Wertheim am Main
Located at the confluence of the Main and Tauber rivers, Wertheim relied on this strategic position, and defensive wall with 18 towers, to maintain its independence from surrounding cities during the Middle Ages. It had become a centre for Protestantism in contrast to the mainly Catholic region around it and it suffered a good deal of damage during the Thirty Years’ War (1618-1648)
High above Wertheim, with panoramic views of the surrounding area, is the Höhenburg Castle (Burg Wertheim), begun during the 12th century and extended in medieval times. Largely ruined as a result of an accidental explosion in 1619, it is still possible to take a tour of the somewhat restored site, and in summer it is used as a backdrop for numerous open air events. It is the major landmark and attraction of the town.
One of only three gates remaining of the 18 towers, the Main Gate, named after the river, was built between 1200 and 1400. This was our entry point to Wertheim, through Maingasse to the Marktplatz. The gate lost around 1.5 metres in elevation in 1883, when a series of floods raised the banks of the Main by this height. Floods continue to affect the town every three or four years, but there is not much the community can do to prevent them, so they have learned to live with it. A number of gates and houses have markers on them showing the height and year of the various floods.
The Marktplatz is the heart of the old town, with its array of cafes and shops in half-timbered buildings that are beautifully preserved and in some cases dating back to the 16th century. The Green Market is held here every Saturday morning, featuring culinary delicacies from the region.
Constructed in 1520, the house at No.6 Marktplatz is one of Franconia’s oldest and probably narrowest buildings. Twice it is cantilevered to extend the size of rooms over the lane so that it is practically touching the the building on the other side.
Seen from the Marktplatz, the Protestant Stiftskirche, or Collegiate Church of St Mary, began in 1833 as a Catholic church, but during the Reformation which took a strong hold in Wertheim, it became Lutheran from 1522. Interestingly, about a century later, the ruling aristocratic family, which had members of both denominations, allowed it to hold both Catholic and Protestant services until a new Catholic church was ready for use in 1842. The tower’s clockwork displays two differently styled clock dials – a unique feature. The face looking towards the castle inhabitants has only an hour hand, the gilded one with the year date 1544 facing the Market Square has an hour as well as a minute hand.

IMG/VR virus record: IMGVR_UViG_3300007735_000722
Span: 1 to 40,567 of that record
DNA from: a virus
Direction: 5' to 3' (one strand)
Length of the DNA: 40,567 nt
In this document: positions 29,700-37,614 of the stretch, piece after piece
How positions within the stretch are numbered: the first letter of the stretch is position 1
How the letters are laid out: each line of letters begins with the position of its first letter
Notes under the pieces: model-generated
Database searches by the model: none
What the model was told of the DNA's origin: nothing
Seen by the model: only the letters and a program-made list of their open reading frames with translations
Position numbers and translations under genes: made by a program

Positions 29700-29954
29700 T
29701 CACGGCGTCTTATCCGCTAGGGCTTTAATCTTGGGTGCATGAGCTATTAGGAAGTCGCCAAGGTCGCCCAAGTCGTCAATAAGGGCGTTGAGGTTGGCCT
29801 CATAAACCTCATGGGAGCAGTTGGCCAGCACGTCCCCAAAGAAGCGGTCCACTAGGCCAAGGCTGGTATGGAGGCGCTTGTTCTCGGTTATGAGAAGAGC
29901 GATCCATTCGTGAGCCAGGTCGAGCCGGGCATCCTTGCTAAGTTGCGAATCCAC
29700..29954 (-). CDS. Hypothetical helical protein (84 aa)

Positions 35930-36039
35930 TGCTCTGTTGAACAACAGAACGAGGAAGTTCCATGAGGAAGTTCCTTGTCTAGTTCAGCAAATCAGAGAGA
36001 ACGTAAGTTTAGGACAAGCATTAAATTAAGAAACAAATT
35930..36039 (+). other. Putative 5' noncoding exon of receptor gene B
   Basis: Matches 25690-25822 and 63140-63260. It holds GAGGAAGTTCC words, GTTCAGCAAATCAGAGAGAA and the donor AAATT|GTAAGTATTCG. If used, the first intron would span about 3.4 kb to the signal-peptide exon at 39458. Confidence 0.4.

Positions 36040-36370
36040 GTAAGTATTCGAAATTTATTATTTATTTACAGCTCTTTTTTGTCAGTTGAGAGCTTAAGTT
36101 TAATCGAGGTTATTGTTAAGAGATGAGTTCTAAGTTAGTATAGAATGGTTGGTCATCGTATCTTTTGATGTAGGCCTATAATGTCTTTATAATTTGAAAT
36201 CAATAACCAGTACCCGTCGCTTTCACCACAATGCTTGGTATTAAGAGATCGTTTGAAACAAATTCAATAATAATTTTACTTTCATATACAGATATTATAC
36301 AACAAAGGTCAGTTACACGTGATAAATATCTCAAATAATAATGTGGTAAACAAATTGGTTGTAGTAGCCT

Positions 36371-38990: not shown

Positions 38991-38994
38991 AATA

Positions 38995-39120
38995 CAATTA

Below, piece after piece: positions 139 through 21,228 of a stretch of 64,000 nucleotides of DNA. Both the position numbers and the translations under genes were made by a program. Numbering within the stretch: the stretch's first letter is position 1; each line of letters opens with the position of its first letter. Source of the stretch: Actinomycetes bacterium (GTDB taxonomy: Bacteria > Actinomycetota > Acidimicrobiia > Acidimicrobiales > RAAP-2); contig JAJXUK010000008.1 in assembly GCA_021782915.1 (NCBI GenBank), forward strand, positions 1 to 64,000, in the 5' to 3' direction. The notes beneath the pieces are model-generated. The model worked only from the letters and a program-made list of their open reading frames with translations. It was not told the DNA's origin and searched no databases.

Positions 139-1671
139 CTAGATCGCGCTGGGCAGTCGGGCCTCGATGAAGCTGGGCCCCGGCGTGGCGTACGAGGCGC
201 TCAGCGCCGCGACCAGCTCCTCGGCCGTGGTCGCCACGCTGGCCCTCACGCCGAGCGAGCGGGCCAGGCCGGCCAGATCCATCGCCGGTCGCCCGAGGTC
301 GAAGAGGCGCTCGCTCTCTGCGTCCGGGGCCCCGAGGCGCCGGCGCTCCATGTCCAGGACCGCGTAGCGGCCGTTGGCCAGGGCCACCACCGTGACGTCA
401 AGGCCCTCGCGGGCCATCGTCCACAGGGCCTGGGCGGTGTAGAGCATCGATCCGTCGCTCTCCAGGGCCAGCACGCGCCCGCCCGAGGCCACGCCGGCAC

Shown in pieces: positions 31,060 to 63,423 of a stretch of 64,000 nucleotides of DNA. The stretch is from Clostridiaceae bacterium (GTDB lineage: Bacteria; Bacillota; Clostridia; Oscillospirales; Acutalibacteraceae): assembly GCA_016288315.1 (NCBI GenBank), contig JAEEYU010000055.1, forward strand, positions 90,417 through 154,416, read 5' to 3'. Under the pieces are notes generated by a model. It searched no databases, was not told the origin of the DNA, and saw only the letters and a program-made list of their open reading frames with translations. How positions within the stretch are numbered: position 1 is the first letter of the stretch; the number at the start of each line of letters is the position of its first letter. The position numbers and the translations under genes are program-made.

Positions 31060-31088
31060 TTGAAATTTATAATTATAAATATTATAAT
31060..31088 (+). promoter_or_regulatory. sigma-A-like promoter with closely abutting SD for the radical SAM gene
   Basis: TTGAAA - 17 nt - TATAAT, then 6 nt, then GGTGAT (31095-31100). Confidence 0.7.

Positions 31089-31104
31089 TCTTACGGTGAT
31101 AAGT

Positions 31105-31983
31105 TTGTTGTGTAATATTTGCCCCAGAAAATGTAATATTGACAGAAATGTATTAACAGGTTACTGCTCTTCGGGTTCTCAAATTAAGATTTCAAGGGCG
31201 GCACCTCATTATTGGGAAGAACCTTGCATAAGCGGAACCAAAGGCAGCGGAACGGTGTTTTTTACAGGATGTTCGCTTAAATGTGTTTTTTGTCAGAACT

The Angels’ Well or Engelsbrunnen (1574) is a red sandstone municipal well on Rathausgasse, not far from the church. The two angels perched on its peak holding Wertheim’s coat of arms gave the well its name. The figures of the mayor, a councillor, the master builder and the artist, as well as some other prominent townspeople responsible for the erection of the well, adorn the corners of the structure.
On the building directly behind it are two skeletons carved into the frieze of the building, carrying a warning from the dead. This area is not far from the original old cemetery. Legend has it that the skeletons belong to a general and a pauper, but it is impossible to tell the difference. The moral – you come into this world with nothing and you leave with nothing. We are all the same.
This former home of a Jewish family stood out from the rest due to its unusual plaster decorations. The once thriving Jewish community in Wertheim had dwindled to just 45 people by the outbreak of WWII and by October, 1940 the remaining 19 Jews were deported to Gur concentration camp in France. Few survived. The name of the house occupant is memorialised over the Star of David. Our guide told us that a former mayor of the town decided to create this memorial as a symbol of unity and recognition of the Jewish community’s sacrifice.
Sadly, our time in Wertheim was all too short, having spent the bulk of the day in Miltenberg. There was no time to visit the Village Shopping Centre, only enough time to walk through a few of the minor streets looking in shop windows. There were many glass manufacturers, gift shops and a Glass Museum – glass blowing being one of the major products of this town. It had been a very enjoyable day, thanks in a large part to our lovely, entertaining guide. Now, we looked forward to visiting another culturally and architecturally rich town – Würzburg.